Doing what’s in front of us


In May of 2015 I wrote here:

Currently in the business we’re promoting our customizing capabilities (the edible printer’s toppers and cakes); launching the online sale of packaged frozen gluten free minis; starting to plan the cookbook launch early next year; and exploring the idea of doing more in the wedding market. It is hard to keep straight some days where each project is at – a good sign that a written plan may be in order.

Dear 2015 Self, you didn’t need a plan.

5 year plans, 1 year plans, quite likely a plan for the next month, are fruitless exercises. I itch to do these written plans because part of me believes I can corral the future and all its uncertainty by writing down the way I want the future to unfold.

But really –  good luck with that.

As I have said here more than once since that Spring 2015 post, I couldn’t have known the high end wedding cake market was not to be ours. I needed to believe that it would be, put my best foot forward on that project and go for it.

Now in Fall 2018 we are completely renovating our main store, planning to open 6 more stores, launching a frozen line of cupcakes and doubling down on buttercream cakes. I do not plan to write a plan.

What I believe in now is:

  • bringing one’s experience to bear on all decisions;
  • together with the experience factor, following one’s intuition;
  • on top of #1 and 2, not risking so much of something (say. money) that will torpedo you if it goes sideway; and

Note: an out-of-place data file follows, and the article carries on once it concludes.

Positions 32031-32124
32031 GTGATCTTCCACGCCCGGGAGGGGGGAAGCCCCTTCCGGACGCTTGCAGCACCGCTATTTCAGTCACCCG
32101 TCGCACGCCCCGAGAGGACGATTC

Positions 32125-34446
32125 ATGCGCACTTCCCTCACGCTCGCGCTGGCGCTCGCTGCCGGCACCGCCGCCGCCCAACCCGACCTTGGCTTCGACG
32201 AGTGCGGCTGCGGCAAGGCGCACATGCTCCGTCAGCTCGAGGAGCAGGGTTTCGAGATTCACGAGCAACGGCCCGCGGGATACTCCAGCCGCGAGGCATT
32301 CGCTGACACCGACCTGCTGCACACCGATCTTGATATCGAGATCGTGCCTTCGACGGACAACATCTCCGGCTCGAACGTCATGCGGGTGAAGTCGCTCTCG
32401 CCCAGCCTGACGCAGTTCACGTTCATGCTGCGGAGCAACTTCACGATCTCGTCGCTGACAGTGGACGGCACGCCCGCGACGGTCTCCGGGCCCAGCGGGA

•  when all of the above 3 factors are covered, running with your forward-looking ideas and visions with all the energy and enthusiasm in the  world.

Will everything always work? Hell no. But the other option is standing still which really means moving backward: if PGB had the  same menu, same boxes, same store, same website as the day we opened, chances are very good we wouldn’t be open.

So I’ve decided to ditch even thinking about the lure of the 5 year plan.

On another note, Mom and Dad had silver anniversary pins made for the girls in the  family when their business was 25 years old.  I lost mine and hadn’t thought of it for years until my sister asked me recently if I wanted the  extra one she had found in a drawer. The pin arrived on the weekend and a couple of things about it struck me right away. The first is that I opened PGB on the 50th anniversary of their business and the second is that the PGB logo with its oval shape, swirls of icing and one letter much longer than the  rest is oddly reminiscent of the SAM logo. Cool.

And another thing – pretty sure Mom and Dad didn’t do 5 year plans either.

About the author

Jean Blacklock

Jean opened the popular Prairie Girl Bakery in the financial district of Toronto in 2011. She owned and operated the business until it closed in 2021 as a result of the pandemic’s impact on downtown Toronto. Read more about her background in commerce, law, and entrepreneurship here.

By Jean Blacklock


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